Funniest/Most Insightful Comments Of The Week At Techdirt

from the so-they-say dept

This week, our first place winner on the insightful side is an anonymous entry in a long-running debate — I won’t provide all the context (you can check it out for yourself) because frankly the source of the debate is getting a bit tiresome and well-placed smackdowns like this shouldn’t even be necessary anymore, but apparently they are:

Yet neither has to do with this bill. While you’re here, answer this: why is your right to speech more important than my right not to associate with your speech?

In second place, it’s James Burkhardt in another branch of said debate, responding to the assertion that social media platforms could escape liability by just not moderating at all, and this would somehow be a good thing:

This is the end conclusion reached by the logic behind the ruling in Prodigy v Oakmont, the case whose ruling was so bad congress wrote a law to overturn it. Congratulations getting to that conclusion, 20 years later. Of course, to claim the logical decision would be to stop moderating assumes that a lack of moderation would have no effect on the business.

Evidence from Youtube’s various Adpocalypses and Techdirt’s own issues with advertisers speaks to the contrary. They wont want ads next to child porn. Pro-Terrorist content. A post with rampant racial slurs.

This ignores that just hosting, no matter how ignorant, pro-terrorist content, child porn, or instructions on how to get an abortion, is a legal liability until a court rules. Possession of Child Porn is a crime regardless of ignorance. You are still providing material support to terrorists. And its not clear that in the case of the abortion bill that courts would require red flag knowledge (as copyright law does), rather than just the knowledge that the tool is being used, somewhere, to violate the law (as regularly argued by copyright holders).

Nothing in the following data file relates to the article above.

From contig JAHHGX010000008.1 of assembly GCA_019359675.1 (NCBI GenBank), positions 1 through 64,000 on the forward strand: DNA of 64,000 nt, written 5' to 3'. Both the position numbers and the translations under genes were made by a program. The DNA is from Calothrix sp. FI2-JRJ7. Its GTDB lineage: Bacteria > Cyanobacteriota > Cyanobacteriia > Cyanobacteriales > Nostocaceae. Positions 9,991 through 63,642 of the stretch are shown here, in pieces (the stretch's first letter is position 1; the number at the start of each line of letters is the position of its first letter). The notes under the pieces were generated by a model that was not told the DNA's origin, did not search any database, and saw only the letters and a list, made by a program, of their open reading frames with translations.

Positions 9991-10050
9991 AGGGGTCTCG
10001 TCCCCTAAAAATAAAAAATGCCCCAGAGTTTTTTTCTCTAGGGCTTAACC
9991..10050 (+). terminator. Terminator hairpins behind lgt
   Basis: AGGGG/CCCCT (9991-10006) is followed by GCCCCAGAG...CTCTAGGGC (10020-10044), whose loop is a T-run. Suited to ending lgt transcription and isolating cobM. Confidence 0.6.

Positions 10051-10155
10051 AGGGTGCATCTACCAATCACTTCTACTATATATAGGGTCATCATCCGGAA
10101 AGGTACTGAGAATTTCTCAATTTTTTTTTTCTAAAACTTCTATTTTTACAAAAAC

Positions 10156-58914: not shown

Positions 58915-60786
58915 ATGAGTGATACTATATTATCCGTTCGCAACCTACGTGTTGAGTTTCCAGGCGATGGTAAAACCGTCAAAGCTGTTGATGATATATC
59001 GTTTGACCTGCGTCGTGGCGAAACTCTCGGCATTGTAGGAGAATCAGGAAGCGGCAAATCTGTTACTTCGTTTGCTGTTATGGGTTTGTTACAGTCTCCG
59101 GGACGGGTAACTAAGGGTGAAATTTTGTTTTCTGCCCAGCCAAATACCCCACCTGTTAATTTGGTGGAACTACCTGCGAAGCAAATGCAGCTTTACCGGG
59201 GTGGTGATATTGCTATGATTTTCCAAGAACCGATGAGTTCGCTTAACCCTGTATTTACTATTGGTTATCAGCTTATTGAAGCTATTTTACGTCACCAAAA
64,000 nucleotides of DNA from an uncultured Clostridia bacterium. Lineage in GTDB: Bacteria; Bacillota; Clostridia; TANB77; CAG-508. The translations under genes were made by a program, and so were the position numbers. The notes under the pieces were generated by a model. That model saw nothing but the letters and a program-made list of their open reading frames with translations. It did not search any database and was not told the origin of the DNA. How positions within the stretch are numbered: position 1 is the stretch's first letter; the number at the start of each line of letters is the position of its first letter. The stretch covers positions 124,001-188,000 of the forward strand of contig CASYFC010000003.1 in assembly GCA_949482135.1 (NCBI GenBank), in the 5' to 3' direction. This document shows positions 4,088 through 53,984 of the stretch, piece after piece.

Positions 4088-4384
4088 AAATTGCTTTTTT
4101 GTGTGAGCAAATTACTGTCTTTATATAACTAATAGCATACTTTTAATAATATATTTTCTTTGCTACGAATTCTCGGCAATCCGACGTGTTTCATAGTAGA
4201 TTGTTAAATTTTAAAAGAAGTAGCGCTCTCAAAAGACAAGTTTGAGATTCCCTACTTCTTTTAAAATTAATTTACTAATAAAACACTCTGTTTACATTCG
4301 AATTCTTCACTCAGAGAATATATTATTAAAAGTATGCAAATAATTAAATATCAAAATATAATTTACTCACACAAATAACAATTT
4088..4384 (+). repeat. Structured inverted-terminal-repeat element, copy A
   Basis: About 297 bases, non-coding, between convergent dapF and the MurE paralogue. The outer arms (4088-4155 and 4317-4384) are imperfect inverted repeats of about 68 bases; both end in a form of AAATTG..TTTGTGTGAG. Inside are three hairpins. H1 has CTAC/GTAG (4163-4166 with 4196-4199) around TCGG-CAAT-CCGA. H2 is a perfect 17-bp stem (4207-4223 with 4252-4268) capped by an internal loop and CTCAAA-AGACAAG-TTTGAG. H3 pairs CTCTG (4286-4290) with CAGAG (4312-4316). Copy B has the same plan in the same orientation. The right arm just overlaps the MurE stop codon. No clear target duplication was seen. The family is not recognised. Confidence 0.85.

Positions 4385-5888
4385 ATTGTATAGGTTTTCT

For editor’s choice on the insightful side, we start out with a comment from That One Guy about the Texas legislature saying what schools can’t teach, and what social media must host:

Now tell us what you REALLY think texas republicans…

‘Teaching that racism exists is terrible, divisive and makes the racists feel bad so that’s right out! Now about those ‘the jews had it coming, sometimes terrorists have a point and vaccines are the mark of the beast and cause autism’ posts that social media must host…’

Always nice when politicians slip up and tell everyone what they really think even if it’s all sorts of disturbing(if not in any way surprising at this point) that ‘pro-holocaust, pro-terrorism and anti-vaxx-in-the-middle-of-a-gorram-pandemic’ are apparently top priorities of things to not just protect but enshrine as untouchable positions for texas republicans.

Next, it’s Bruce E responding to a commenter who criticized our post about tech industry bias by asserting that they want (and believe they have personally achieved) a bias-free meritocracy:

If you believe you are free from bias you might be just fooling yourself. Even honourable people who think sexism, racism, anti-transism, etc. are wrong subject to bias.

The point is to constantly be on the lookout for your own bias first, then help others with theirs.

Over on the funny side, our first place winner is Thad with another comment on that post, this time responding to someone who went on a bizarre rant in a failed attempt at an analogy, while also saying they find the subject embarrassing:

I mean, if I’d just responded to an article about sexism by rambling about football jerseys for eight paragraphs, I’d be embarrassed too.

In second place, it’s David responding to our description of some comments from Marjorie Taylor Greene as “utterly nonsensical, zero calorie, idiot theater”:

Well, that’s how we know that Greene has not been misquoted.

For editor’s choice on the funny side, we start out with a comment from Samuel Abram responding to the observation that adult content bans so often have exceptions for Playboy:

It must be the articles.

Finally, it’s one more comment from That One Guy, this time in response to the question of what exactly the difference is between the GOP and the Mafia: